“Yes, and there was a report out this week, saying that overseas students contribute over £183 million a year to Edinburgh.  And that’s just in Edinburgh – and just overseas students.

That’s huge.  It’s like everybody wants your money, but no one wants you there.”

Does Murray accept that, against this backdrop, many students feel hugely let down by Keir Starmer’s recent retraction of the Labour party’s pledge to abolish tuition fees for English students?  

“I do understand. The system is broken – let’s be honest about that fact.  We want to try and fix it.  But Keir Starmer also wants to be honest and not promise something that we can’t deliver. The pledge to remove fees cannot be met.  That’s £9 billion that we don’t have.”

Now is not the time – is that Labour’s message to students?

“No, I think its probably: circumstances have changed.  And it’s about honesty.  The Labour party, and Keir Starmer in particular, gets hit really hard with criticisms that he’s changing his mind.  But some of these pledges were made before Covid.

“I do think that fundamentally, the student voice needs to be heard more.  And the reason that students get heard less is because they don’t vote.”

Before I can press him further on this suggestion that a larger student turnout would lead to a different Labour policy on tuition fees, Murray is quick to add: “Now that is not why Keir is making these decisions.  The pot is small.  But students need to make themselves heard more.  The grey vote is huge.”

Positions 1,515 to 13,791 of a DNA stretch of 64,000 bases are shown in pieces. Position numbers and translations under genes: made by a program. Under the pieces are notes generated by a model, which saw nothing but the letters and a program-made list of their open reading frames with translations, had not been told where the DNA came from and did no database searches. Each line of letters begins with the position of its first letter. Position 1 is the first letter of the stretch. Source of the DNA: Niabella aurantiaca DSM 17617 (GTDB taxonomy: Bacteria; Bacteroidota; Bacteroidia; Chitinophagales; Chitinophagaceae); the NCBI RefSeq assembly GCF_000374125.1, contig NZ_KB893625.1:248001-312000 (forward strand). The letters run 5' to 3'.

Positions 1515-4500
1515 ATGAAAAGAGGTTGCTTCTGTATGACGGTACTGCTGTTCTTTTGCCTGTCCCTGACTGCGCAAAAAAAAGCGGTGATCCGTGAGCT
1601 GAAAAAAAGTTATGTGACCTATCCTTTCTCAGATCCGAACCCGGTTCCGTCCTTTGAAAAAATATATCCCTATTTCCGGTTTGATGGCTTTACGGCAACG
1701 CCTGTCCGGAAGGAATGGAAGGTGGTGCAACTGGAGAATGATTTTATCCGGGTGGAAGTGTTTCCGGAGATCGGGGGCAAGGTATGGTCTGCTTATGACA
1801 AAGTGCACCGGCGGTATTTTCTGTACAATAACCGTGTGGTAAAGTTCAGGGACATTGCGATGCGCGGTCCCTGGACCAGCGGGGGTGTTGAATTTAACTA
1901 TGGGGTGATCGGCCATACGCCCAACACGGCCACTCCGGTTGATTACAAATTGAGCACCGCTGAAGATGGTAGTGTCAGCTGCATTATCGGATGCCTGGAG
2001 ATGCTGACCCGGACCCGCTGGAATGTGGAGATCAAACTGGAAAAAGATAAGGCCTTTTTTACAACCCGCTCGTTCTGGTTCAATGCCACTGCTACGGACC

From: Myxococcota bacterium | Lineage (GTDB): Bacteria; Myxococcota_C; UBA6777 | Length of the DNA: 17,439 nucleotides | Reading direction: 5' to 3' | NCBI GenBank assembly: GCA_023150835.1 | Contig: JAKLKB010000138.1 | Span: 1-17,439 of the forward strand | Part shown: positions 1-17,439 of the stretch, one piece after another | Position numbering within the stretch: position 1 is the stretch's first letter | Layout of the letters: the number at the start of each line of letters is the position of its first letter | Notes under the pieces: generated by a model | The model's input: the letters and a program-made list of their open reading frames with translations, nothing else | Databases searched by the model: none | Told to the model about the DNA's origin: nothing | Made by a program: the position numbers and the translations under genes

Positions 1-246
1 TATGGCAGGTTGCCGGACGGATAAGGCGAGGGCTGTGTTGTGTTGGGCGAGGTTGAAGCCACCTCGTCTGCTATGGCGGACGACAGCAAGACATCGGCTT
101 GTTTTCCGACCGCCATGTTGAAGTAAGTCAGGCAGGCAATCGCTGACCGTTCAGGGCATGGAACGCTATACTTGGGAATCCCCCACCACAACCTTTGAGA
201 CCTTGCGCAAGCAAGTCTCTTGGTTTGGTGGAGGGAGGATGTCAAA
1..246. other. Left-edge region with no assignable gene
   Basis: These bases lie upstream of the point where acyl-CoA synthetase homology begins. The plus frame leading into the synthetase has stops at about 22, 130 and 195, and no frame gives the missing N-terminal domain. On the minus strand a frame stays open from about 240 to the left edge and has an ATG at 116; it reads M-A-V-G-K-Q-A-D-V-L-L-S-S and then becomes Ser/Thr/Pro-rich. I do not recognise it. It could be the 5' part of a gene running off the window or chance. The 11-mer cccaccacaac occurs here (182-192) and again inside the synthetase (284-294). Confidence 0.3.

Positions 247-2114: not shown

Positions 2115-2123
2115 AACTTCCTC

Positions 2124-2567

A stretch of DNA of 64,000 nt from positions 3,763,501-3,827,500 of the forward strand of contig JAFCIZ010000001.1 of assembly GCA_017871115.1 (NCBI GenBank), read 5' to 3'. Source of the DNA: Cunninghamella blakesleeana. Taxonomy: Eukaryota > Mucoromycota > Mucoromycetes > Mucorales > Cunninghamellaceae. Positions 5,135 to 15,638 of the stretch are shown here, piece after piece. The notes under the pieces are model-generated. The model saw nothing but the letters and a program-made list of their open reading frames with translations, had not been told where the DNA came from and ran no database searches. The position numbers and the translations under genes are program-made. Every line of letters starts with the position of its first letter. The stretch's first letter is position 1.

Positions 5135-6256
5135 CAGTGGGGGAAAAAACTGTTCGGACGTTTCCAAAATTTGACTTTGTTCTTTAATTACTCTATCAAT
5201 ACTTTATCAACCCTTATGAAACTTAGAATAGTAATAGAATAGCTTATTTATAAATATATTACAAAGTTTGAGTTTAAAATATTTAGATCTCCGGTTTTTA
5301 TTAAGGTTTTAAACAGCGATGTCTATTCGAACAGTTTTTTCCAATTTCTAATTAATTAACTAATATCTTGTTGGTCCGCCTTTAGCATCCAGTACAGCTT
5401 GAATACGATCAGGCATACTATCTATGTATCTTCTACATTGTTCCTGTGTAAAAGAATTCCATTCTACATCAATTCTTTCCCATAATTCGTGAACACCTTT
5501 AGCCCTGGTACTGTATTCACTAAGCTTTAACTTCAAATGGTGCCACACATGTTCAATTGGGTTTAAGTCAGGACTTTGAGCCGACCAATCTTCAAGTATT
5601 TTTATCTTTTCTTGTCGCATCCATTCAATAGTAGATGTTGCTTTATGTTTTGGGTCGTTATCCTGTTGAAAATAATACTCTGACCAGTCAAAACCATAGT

[Since my conversation with Murray, Labour has come forth with more detailed plans about how it intends to reform student finance, including a commitment to reducing monthly student loan repayments as well as an increase in the support available for students from lower income backgrounds.  Murray stresses that this is the first in a series of reforms aimed at helping students.]

Finally, I ask Murray – how does he think his experience would be different if he were a student today? 

“The drinking culture!” he laughs.  

Quick fire:

Old Town or New Town

  • New Town

Greens or the Lib Dems

  • I’m going to have to say neither…I’m not allowed to say!

Favourite book?

  • My own!  No, Four Skins Lament by Shalom Auslander.  I read it as a student and it was the funniest thing I’ve ever read.

Best pub in Edinburgh?

  • The Earl of Marchmont 

Favourite memory from student days?

  • Freshers’ Week when I was 16.  The fashionable drink of choice back then in 1992 was a Blastaway – a diamond white cider and a bottle of Castaway.

File:Official portrait of Ian Murray crop 1.jpg” by Chris McAndrew is licensed under CC BY 3.0.